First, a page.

¶ 18 It is clear that upon entering Appellant's room, Officer Fisher's experience and training in narcotics detection, n.t., 8/30/07, at 4, coupled with the presence of a twisted baggie on the bed and items used in drug distribution, indicated that Appellant may be involved in illegal drug activity. Officer Fisher simply asked Appellant whether he possessed drugs or large amounts of cash, and Appellant produced both. At the suppression hearing, when the trial court pointedly inquired whether Officer Fisher directed Appellant to produce the contraband, he replied, "I did not, Your Honor. He produced it on his own. He just responded... that he did have that stuff and then he took it out of his pockets." Id. at 11.

¶ 19 To recap, this record establishes that police were lawfully in Appellant's room, in that Appellant admitted the officers voluntarily. The Fourth Amendment right to be free of unreasonable searches and seizures, In the Interest of D.M., 781 A.2d 1161 (Pa. 2001), is not violated when the holder of the right provides the officer with voluntary consent to enter the premises. See, e.g., Commonwealth v. Strader, 931 A.2d 630, 634 (Pa. 2007) (warrantless seizure presumptively unreasonable under the Fourth Amendment subject to a few specifically established, well-delineated exceptions, such as when it is consensual, Horton v. California, 496 U.S. 128 (1990)); Commonwealth v. Yancoskie, 915 A.2d 111, 114 (Pa.Super. 2006) (Fourth Amendment recognizes a valid warrantless entry and search of premises when police obtain the voluntary consent of an occupant) (citing Georgia v. Randolph, 547 U.S. 103 (2006)).

¶ 20 Moreover, Appellant's initial production of the drugs and money also was entirely voluntary. Where the underlying encounter is lawful, as here, voluntariness becomes the exclusive focus. Commonwealth v. Bell, 871 A.2d 267 (Pa.Super. 2005). The Commonwealth has the burden to prove that a defendant consented to a warrantless search and seizure. Id. Herein, police did not conduct a search of Appellant; indeed, there was no need to do so as Appellant voluntarily produced the illegal contraband on his person. "To establish a voluntary consensual search [or seizure], the Commonwealth must prove that a consent is the product of an essentially free and unconstrained choice -- not the result of duress or coercion, express or implied, or a will overborne -- under the totality of the circumstances." Id. at 273 (citing Commonwealth v. Strickler, 757 A.2d 884, 901 (Pa. 2000)). As the United States Supreme Court stated in Florida v. Bostick, 501 U.S. 429, 439 (1991), "The Fourth Amendment proscribes unreasonable searches and seizures; it does not proscribe voluntary cooperation."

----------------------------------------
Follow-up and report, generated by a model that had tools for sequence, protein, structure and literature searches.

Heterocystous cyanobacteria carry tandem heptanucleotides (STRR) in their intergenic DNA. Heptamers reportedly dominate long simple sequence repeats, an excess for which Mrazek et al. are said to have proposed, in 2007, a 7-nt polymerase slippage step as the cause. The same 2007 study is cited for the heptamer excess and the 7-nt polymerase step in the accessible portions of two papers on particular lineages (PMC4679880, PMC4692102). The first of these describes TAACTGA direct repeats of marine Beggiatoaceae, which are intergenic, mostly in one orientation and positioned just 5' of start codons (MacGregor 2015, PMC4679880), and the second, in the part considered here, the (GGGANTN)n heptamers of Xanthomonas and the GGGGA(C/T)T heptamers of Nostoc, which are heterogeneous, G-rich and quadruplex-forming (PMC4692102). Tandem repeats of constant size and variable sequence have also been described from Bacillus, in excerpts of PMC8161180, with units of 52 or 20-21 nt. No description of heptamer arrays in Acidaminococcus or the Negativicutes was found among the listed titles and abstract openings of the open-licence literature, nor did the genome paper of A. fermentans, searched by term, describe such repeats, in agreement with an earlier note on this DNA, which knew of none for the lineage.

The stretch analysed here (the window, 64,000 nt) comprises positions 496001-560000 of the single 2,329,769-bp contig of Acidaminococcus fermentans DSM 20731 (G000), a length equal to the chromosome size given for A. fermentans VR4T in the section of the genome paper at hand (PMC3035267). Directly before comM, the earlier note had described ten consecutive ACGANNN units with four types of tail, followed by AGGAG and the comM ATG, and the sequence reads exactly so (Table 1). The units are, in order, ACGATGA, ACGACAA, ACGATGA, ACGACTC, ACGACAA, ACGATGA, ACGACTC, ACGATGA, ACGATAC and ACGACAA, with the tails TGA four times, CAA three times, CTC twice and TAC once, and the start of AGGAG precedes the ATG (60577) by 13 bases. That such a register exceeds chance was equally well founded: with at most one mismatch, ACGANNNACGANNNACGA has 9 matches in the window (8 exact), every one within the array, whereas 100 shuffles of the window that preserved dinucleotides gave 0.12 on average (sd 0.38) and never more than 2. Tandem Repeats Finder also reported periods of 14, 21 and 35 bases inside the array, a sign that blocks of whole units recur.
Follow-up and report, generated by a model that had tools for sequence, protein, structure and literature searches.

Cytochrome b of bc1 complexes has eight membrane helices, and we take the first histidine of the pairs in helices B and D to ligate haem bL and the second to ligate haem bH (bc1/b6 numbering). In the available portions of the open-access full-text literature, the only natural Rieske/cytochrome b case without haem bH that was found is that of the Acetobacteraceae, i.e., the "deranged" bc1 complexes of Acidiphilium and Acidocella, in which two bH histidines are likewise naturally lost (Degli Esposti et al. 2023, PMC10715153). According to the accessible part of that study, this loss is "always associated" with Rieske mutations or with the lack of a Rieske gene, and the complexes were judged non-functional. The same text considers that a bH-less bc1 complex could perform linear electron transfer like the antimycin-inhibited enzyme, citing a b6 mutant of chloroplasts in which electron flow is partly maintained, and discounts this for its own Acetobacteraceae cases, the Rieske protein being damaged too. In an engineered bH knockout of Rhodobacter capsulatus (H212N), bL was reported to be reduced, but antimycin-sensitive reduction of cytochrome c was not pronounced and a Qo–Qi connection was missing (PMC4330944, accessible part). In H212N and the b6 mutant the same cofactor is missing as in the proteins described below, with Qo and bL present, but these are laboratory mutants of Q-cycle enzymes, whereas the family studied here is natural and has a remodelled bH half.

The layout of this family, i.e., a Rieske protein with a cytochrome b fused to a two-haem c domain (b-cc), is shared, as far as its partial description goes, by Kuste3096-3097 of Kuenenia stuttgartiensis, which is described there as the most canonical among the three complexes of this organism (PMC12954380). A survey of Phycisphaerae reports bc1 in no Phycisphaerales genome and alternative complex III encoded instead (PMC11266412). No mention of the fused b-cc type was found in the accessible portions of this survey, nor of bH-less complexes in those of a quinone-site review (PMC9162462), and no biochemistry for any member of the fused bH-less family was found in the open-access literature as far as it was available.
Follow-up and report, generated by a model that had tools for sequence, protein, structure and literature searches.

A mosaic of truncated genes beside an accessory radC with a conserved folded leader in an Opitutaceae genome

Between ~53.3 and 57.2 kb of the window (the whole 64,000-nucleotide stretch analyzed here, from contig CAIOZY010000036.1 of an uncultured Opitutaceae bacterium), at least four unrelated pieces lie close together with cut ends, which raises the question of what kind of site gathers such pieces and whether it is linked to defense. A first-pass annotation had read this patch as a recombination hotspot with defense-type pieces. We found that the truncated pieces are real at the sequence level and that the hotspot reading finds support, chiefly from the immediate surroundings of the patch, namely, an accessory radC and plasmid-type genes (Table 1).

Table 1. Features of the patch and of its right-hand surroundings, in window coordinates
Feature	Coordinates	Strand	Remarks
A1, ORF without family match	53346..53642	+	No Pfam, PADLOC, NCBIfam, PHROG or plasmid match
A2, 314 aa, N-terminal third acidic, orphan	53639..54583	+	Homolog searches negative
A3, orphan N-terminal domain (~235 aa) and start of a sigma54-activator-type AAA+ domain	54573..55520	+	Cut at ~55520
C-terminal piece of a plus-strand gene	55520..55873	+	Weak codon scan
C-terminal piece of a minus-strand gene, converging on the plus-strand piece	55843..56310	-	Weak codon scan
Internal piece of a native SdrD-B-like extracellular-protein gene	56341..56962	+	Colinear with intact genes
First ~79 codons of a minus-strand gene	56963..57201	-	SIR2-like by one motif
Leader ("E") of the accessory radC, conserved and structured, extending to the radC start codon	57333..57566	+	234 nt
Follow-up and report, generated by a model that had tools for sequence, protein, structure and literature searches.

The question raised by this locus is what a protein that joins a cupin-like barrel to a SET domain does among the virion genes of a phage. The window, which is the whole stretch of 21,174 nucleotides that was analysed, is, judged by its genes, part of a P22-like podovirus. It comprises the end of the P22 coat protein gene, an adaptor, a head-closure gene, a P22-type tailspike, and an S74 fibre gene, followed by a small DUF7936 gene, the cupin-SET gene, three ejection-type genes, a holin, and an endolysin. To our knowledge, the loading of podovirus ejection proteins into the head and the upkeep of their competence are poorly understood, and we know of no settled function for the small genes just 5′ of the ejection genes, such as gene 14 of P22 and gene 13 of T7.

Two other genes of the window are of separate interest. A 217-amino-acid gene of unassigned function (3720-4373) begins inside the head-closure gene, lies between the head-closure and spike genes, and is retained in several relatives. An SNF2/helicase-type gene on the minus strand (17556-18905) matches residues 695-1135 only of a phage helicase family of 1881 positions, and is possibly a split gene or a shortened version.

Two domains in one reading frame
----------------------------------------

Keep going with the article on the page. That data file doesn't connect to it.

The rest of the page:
¶ 21 Thus, the record supports that following a chance meeting, Appellant voluntarily admitted police to his room; therefore, police legitimately were on the premises. Upon their entry, the officers lawfully viewed drug paraphernalia in plain view that triggered, in conjunction with police training and experience, their belief that Appellant possessed contraband. The innocuous inquiry concerning whether Appellant had any drugs or cash, without any reference to items police viewed in the room, could not be described as interrogation. Appellant was not coerced in any way or placed under duress. His revelation of cash and crack cocaine was free and voluntary. Appellant fails to acknowledge that the instant interaction was a progression, insisting only that he did not admit police to his apartment voluntarily, and therefore, he was in police custody from the time the officers entered his room. We have determined that Appellant voluntarily admitted police to his apartment and under the totality of circumstances, produced the cash and drugs in his pocket as a free and unconstrained choice.